I wasn't excited about Blaine Gabbert when he was drafted. I was of the opinion that he wasn't pro ready and that he would need at least a year and probably more than that to be up to snuff. When Garrard was released, we all knew that it wouldn't be long before Gabbert was forced into the starting role. At that point, the season was officially lost.
Because of that, I (as well as many other fans) have spent this season watching for progress from Blaine Gabbert. I have watched every game, and I've been trying to be positive about Gabbert. Still as of right now, I am definitely not a believer. Why? To illustrate what turns me off about Gabbert's play, I'll offer some highlights from the Thursday Night game for your perusal.1st Quarter, 9:40 remaining: After being sacked on the first offensive play of the game, the Jaguars are in a 3rd and 11. Before Gabbert calls the snap, LDE Ray Edwards jumps into the neutral zone, drawing a flag. Gabbert has a free play, with two receivers to his right running deep patterns. The snap comes at 9:38. Gabbert has time to take his drop and set his feet. Three seconds is what he got, but three seconds is what you get in the NFL.
A smart QB takes a shot downfield in that situation, because even if the pass is intercepted, it's gonna come back. Gabbert has two check down receivers waiting five yards past the line of scrimmage, neither of whom Gabbert apparently sees. Instead, Gabbert sees the pressure, starts running backwards and is dragged down by two guys in red. Smooth.
The very next pass was a deep ball on a 3rd and 6, which lands at the opponent's 40 yard line. The closest player is the Falcons' safety, who was jogging casually at midfield. Announcers call it a "miscommunication."
End of first quarter: Blaine Gabbert, 1-2, -4 yards passing.
2nd Quarter, 0:58 remaining: 1st and ten from the Jaguars' 42 yard line. Gabbert takes a shotgun snap and starts wandering backwards. He looks left and sees nothing open. After three seconds (again, about what you're supposed to have as a QB), he sees the rush and starts scrambling to his right with the ball held loosely in his throwing hand. Gabbert doesn't feel the pressure and cover up the ball. John Abraham, after being fought back behind the pocket by Eugene Monroe, comes from the blind side and punches the ball out easily. The fumble is recovered by the Falcons. This turnover is turned into a field goal by the Falcons, just before halftime.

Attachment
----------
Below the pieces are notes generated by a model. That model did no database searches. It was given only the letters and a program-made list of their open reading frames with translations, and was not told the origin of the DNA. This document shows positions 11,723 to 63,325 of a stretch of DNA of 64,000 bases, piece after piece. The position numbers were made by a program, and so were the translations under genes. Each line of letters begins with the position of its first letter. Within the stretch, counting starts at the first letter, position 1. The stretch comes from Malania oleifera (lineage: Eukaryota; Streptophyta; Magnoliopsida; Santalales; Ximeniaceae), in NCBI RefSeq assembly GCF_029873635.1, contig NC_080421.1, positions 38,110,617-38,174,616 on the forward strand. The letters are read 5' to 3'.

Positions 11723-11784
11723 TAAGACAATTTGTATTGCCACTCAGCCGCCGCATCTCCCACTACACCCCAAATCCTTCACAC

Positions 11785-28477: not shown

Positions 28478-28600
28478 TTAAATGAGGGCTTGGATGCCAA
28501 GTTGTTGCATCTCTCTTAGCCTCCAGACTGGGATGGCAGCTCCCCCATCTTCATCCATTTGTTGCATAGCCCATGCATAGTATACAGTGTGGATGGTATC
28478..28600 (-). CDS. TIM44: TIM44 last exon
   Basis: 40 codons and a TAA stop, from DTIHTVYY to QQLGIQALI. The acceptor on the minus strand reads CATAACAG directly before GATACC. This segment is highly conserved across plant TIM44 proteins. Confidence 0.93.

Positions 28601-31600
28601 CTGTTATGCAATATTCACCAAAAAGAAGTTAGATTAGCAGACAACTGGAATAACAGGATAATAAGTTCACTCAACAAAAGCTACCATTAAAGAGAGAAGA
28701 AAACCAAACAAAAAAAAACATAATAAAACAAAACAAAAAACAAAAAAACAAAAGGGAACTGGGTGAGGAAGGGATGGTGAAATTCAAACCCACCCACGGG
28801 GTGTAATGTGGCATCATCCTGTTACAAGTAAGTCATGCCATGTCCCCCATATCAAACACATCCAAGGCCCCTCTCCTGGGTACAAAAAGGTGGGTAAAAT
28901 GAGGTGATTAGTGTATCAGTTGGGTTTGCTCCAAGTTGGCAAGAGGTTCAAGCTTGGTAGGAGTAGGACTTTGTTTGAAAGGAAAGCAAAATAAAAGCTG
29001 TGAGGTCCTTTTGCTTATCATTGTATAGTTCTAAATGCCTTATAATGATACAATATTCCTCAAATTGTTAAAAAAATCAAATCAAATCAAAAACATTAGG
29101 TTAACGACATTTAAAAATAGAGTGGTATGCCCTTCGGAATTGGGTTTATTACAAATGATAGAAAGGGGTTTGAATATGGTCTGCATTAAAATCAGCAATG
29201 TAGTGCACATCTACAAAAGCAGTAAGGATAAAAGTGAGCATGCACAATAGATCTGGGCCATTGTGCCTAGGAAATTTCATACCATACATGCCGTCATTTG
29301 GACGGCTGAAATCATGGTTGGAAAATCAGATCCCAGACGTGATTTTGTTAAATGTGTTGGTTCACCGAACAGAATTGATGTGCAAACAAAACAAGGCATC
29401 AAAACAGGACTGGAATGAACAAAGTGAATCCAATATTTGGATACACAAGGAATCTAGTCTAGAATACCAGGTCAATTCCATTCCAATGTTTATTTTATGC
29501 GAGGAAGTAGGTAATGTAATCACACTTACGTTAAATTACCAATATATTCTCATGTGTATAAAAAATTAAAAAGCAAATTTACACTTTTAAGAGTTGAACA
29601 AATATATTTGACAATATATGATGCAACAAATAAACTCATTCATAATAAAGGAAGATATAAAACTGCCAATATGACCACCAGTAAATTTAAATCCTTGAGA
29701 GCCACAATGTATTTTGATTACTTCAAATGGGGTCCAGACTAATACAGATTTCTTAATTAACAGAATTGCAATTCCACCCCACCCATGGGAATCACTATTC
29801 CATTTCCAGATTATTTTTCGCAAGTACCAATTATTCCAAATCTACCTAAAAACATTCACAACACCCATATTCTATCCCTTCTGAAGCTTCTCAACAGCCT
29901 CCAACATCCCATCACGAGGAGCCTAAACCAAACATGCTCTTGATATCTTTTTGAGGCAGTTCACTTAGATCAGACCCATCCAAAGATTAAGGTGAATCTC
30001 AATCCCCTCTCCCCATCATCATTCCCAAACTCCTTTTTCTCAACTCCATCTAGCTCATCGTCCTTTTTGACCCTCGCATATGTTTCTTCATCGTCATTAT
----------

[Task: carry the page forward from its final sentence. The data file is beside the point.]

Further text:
Halftime: Blaine Gabbert, 3-6, 21 yards passing. Sacked twice, one fumble lost.
3rd Quarter, 13:41 remaining: Gabbert had just fumbled away the ball on the previous series, giving the Falcons points before halftime. After gaining a first down thanks to some strong running by Maurice Jones-Drew, Gabbert has a second and 9 situation. Single back, bunch left, one WR wide right. John Abraham beats Guy Whimper and comes right after Gabbert.
Gabbert sees this one coming, so what does he do? He moves his feet, hoping to avoid the sack and AGAIN holds the ball precariously away from his body in his throwing hand. Needless to say, the ball pops out and is returned for a touchdown by DT Corey Peters.
The next two possessions are three and outs. The team, it should be noted, called three pass plays during those two series. The end result of those three plays is one completion for 1 yard on a checkdown and two more sacks. One could maybe chalk them up to good coverage downfield, but equally at fault is Blaine Gabbert's terrible pocket presence. On the second sack, Guy Whimper kept Kroy Biermann out of the pocket for Gabbert. After Gabbert's first man was covered, Blaine turned out of the pocket to run right. He tries to turn the corner, but runs right into Biermann.
End of the 3rd Quarter: The game is completely out of hand. The score is 41-0 Falcons. Usually when behind, a team throws the ball more to try and score quickly. The Jaguars threw much less. Gabbert is 4-7, 22 yards. He's been sacked four times and lost two fumbles.
4th Quarter: This is all against backups. He threw for another 120 yards to up his stats. He also threw an interception and a touchdown. He looked comfortable in spots against 2nd teamers playing prevent. That's about as inconsequential as anything you'll see in an NFL game.
Final stat line: 12-22 (54.5% completions), 141 yards, 1 TD, 1 INT, 2 fumbles lost, a touchdown-aided passer rating of 70.5
I find it beyond concerning and into pitiful that Gabbert performed so badly. When down, a team is expected to pass more to see if they can mount a comeback. Not only did Gabbert take a lot of sacks in those passing situations, he took them on third down. Going through three quarters of a blowout game with only 22 passing yards is pathetic and unacceptable, and I am officially done pretending like Gabbert has anything to offer to this team.
Knowing that he was a raw player, I thought the best I could expect from Gabbert was that he would get his play together after the week 9 bye. It became quickly clear that that did not happen. The offseason will do Gabbert good, but do we seriously think that a guy can go from pathetic to competent in one season?
I know it's sudden, and it sucks to see picks wasted, but there are good quarterbacks available in the upcoming draft. I think at this point it would be irresponsible and stupid not to do due diligence on Robert Griffin III and Matt Barkley, both of whom are viewed as top 5-10 picks.
The Jaguars should get one more win (assuming Gabbert doesn't screw us out of the Colts game) which would put the team at 5 wins and around the 8th overall pick. Sounds like a good spot to take a QB...
Would you be open to the Jaguars drafting a first-round quarterback in the 2012 draft?
No, Gabbert is the future. (111 votes)
Yes, but it depends on the quarterback being drafted. (100 votes)
Yes, Gabbert has played badly. (55 votes)
266 total votes